Effect of Storage Time on Physical Properties of Sonocrystallized All‐Purpose Shortening

Document Type


Journal/Book Title/Conference

Journal of Food Science






Wiley-Blackwell Publishing, Inc.

Publication Date


Award Number

USDA, National Institute of Food and Agriculture (NIFA) 2017-67017-26476


USDA, National Institute of Food and Agriculture (NIFA)

First Page


Last Page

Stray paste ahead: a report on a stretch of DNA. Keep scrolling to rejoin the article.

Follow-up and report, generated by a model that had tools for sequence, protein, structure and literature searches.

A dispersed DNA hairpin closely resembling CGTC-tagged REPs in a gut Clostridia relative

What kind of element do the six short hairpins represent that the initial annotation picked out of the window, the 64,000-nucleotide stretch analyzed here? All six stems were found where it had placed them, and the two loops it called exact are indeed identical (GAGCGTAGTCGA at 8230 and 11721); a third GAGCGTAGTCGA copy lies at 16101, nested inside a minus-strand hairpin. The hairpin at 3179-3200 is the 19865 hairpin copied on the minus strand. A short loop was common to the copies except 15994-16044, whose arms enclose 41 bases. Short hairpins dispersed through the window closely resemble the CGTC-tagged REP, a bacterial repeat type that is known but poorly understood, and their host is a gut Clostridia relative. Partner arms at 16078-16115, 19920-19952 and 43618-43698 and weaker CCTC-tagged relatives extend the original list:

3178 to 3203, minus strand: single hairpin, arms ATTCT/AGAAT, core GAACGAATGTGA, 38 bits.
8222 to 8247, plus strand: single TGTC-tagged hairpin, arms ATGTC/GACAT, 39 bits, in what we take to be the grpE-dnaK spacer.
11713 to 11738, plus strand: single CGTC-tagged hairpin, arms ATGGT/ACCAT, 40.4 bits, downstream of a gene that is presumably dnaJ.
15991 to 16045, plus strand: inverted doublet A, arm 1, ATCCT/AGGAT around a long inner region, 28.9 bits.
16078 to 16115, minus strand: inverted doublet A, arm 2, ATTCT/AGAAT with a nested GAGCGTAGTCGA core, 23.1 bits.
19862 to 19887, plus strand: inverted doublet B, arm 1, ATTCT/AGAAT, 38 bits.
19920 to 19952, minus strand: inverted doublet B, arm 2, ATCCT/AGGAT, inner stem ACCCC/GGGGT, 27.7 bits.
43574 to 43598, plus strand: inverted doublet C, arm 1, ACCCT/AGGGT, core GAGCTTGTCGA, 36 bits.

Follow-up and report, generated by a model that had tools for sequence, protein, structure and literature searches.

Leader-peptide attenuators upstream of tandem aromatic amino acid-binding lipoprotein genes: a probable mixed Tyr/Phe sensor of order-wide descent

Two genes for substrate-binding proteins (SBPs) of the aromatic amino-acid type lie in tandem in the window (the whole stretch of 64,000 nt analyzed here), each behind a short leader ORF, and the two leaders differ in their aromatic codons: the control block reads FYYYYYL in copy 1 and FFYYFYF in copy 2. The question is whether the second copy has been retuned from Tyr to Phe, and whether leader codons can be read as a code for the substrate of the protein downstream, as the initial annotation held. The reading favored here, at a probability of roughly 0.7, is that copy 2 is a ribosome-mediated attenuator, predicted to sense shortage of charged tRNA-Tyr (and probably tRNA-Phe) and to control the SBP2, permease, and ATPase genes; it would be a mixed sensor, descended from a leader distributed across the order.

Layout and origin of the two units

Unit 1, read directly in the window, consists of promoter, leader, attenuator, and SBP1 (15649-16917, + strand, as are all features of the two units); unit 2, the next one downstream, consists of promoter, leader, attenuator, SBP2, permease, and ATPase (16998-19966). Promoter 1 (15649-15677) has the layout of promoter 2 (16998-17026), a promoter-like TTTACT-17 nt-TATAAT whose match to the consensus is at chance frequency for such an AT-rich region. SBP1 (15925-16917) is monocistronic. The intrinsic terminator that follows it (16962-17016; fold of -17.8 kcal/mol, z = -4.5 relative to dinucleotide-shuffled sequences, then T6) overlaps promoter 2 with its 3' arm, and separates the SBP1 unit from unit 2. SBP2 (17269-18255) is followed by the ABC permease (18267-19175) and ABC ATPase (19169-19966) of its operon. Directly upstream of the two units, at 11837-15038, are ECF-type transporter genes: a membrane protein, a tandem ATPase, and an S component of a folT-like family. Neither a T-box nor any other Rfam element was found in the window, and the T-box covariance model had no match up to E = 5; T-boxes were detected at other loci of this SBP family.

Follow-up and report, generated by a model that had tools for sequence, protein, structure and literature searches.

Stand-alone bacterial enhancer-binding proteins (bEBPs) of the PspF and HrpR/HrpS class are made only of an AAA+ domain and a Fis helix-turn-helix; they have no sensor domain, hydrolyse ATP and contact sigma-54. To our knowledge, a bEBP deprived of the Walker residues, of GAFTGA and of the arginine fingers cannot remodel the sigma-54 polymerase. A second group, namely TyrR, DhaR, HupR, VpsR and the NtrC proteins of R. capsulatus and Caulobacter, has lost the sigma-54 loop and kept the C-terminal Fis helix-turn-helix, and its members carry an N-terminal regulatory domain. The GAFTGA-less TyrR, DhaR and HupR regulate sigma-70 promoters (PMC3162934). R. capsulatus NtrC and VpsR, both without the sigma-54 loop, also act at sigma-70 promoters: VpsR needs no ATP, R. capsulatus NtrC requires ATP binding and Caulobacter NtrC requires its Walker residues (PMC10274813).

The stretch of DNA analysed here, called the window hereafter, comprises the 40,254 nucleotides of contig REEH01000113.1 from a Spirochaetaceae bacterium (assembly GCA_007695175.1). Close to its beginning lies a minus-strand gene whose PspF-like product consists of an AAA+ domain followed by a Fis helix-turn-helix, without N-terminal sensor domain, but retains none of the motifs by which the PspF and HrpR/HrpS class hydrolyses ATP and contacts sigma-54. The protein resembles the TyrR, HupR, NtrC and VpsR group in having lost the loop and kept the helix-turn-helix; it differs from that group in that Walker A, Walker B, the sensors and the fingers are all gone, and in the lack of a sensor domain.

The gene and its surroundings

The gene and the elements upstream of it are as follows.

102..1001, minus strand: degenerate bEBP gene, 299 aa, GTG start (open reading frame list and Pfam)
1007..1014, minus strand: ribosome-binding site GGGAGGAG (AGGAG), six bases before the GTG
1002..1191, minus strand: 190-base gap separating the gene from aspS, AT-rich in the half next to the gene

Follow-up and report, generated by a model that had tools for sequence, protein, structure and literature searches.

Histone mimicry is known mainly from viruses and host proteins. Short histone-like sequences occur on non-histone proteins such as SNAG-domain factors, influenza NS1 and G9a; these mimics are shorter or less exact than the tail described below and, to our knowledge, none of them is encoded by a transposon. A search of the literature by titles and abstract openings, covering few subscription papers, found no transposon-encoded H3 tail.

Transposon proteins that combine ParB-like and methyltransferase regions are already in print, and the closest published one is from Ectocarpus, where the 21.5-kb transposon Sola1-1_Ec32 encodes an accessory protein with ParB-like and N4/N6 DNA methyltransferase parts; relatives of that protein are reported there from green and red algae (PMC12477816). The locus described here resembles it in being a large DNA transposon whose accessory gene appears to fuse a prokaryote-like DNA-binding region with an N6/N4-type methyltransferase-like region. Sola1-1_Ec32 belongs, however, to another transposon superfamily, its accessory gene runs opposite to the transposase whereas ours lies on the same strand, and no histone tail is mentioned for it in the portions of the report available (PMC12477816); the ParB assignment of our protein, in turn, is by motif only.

The purpose of this study was to determine the effect of high‐intensity ultrasound (HIU) on the physical properties of an all‐purpose shortening and to evaluate how these properties changed during storage (48 hr; 4, 12, and 24 weeks) at 5 °C and 25 °C. Samples were crystallized at 30 °C for 60 min with and without the application of HIU (20 kHz; 3.2 mm‐diameter tip, 168 µm amplitude, 10 s). After crystallization, physical properties, such as hardness, elasticity, melting behavior, and solid fat content (SFC), were measured. These properties were also measured during storage. The effect of HIU was significant in changing the SFC, hardness, G′ and G′′, melting enthalpy, and microstructure of the samples. After 60 min of crystallization, the sonicated samples had higher values of SFC, hardness, elasticity, and melting enthalpy than the ones obtained without sonication (P < 0.05). Changes in these physical properties were associated with the microstructure of the samples since sonication generated smaller, more uniformly sized crystals as well as increased the number of crystals. No differences were observed in the G′ of the sonicated samples stored at 25 °C as a function of storage period. The G′ of the nonsonicated samples increased until 12 weeks of storage and was maintained up to 24 weeks, suggesting that sonication speed up the formation of a stable crystalline network. Samples stored at 5 °C showed higher value in hardness, G′ and G′′, and SFC than the ones stored at 25 °C.